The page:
The relationship between Gross Domestic Product (GDP) and unemployment rates can be seen by the application of Okun’s Law. According to the principles established by this law, there is a corresponding two percent increase in employment for every established one percent increase in GDP. The reasoning behind this law is quite simple. It states that GDP levels are driven by the principles of demand and supply, and as such, an increase in demand leads to an increase in GDP. Such an increase in demand must be accompanied by a corresponding increase in productivity and employment to keep up with the demand.
GDP and unemployment rates are linked in the sense that both are macroeconomic factors that are used to gauge the state of an economy. A rise in the GDP is significant in the study of macroeconomic trends in a nation. This is also true of a rise or decrease in unemployment levels. GDP and unemployment rates usually go together because a decrease in the GDP is reflected in a decrease in the rate of employment.
Such a relationship between GDP and unemployment rates is important in two ways. A rise in employment levels is the natural result of increased GDP levels caused by an increase in consumer demand for goods and services. Such a rise in both GDP and employment levels is an indication that the economy is booming. During such periods, consumer confidence is high and the demand for various goods and services are correspondingly elevated. In order to meet this surge in demand, manufactures and other types of companies hire more employees.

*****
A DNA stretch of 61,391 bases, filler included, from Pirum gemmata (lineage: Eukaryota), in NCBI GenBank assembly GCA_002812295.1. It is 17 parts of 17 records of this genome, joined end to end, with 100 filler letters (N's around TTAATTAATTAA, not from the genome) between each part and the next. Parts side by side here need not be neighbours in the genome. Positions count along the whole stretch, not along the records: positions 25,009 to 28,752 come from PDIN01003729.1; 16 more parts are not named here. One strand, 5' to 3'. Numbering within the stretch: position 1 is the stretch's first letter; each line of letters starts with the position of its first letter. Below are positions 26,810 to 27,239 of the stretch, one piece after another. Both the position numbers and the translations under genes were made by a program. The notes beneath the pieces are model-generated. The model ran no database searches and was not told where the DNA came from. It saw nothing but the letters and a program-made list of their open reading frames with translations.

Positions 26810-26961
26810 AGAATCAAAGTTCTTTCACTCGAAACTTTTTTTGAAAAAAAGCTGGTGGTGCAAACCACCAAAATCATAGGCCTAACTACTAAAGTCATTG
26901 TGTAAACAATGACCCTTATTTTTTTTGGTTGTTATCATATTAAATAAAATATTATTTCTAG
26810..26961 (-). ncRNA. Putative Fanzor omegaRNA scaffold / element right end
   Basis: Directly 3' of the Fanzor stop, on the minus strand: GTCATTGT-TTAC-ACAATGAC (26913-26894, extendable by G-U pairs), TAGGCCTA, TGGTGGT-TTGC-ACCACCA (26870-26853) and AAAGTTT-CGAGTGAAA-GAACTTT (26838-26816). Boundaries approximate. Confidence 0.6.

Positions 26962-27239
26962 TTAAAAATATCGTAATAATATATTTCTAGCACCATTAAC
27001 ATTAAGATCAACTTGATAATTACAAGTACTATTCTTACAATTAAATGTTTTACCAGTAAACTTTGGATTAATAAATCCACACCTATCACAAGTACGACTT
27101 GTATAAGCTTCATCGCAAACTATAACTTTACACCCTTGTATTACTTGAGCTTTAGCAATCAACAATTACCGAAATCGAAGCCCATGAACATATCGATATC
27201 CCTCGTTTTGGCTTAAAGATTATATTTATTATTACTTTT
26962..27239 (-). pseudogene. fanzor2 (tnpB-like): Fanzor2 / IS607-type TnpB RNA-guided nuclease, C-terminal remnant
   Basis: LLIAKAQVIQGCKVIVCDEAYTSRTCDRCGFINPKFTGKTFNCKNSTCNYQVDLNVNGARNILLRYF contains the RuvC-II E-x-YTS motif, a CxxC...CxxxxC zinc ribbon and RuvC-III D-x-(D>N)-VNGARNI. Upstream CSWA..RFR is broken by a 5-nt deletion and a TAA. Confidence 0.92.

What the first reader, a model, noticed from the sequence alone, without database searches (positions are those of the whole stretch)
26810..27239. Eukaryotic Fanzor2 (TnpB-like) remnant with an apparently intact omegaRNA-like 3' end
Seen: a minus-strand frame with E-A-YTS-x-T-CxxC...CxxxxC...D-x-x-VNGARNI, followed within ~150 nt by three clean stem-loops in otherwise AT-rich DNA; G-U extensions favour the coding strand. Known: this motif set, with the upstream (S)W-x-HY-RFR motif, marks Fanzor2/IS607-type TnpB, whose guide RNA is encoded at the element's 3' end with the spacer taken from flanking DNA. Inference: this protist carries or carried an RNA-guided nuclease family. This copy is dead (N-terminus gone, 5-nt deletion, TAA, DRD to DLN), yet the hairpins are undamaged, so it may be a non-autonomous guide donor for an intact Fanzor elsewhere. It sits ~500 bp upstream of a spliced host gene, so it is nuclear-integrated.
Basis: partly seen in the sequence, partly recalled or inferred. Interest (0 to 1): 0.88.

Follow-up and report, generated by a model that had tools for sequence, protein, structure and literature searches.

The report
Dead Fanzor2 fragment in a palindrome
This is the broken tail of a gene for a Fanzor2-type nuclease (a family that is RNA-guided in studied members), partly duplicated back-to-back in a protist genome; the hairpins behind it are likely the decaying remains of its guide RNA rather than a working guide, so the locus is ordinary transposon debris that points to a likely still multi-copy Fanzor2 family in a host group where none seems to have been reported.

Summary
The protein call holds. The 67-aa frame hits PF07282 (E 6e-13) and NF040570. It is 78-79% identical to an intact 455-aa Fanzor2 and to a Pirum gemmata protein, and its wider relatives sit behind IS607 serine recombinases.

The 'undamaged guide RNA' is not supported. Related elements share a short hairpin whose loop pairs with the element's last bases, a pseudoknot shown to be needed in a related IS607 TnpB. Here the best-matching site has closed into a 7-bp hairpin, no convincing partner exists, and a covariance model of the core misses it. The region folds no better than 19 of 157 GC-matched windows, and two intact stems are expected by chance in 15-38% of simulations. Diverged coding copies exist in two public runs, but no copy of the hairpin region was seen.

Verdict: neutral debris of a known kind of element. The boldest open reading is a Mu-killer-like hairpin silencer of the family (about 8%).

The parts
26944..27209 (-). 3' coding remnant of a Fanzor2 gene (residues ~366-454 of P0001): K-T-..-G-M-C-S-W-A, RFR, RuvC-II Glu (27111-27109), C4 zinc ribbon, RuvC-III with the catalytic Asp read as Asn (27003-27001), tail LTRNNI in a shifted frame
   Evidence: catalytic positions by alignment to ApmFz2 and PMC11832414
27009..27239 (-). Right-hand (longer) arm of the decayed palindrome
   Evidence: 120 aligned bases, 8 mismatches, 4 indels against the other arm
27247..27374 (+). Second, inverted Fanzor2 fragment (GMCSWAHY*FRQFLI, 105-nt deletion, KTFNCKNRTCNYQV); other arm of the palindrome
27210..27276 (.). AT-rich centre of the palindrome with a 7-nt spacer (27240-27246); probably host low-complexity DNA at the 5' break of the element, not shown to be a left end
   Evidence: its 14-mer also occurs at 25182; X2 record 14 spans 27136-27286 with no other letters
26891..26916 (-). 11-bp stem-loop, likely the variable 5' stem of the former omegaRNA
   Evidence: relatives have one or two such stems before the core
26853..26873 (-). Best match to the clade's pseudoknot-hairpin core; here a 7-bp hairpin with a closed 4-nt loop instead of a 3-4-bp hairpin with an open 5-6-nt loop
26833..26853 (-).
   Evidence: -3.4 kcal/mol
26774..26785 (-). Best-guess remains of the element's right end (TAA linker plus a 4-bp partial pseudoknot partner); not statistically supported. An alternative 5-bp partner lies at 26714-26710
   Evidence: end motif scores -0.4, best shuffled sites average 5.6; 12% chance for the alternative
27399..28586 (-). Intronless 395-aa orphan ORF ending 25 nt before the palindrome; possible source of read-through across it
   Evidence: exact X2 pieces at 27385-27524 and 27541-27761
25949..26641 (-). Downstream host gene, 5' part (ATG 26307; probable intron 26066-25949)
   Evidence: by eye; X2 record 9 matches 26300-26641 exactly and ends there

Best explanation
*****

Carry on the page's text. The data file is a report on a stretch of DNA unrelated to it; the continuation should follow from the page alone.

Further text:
The opposite is true in the case of a deflation, which also shows the relationship between GDP and unemployment rates. When there is a dip in the GDP caused by a decrease in consumer confidence and a corresponding reduction in demand, companies must adjust to this low demand. Part of the adjustment process includes the shedding of workers who may have become redundant in the face of sluggish demand by consumers.
At times like this, companies look for ways of conserving money since they are no longer making as much money as they used too. One of the cost-cutting measures includes mass sacking of employees whose salaries the companies can no longer sustain. Signs like this are indicators to economists that the demand for goods and services have dropped and that the GDP level is also on a downward slope.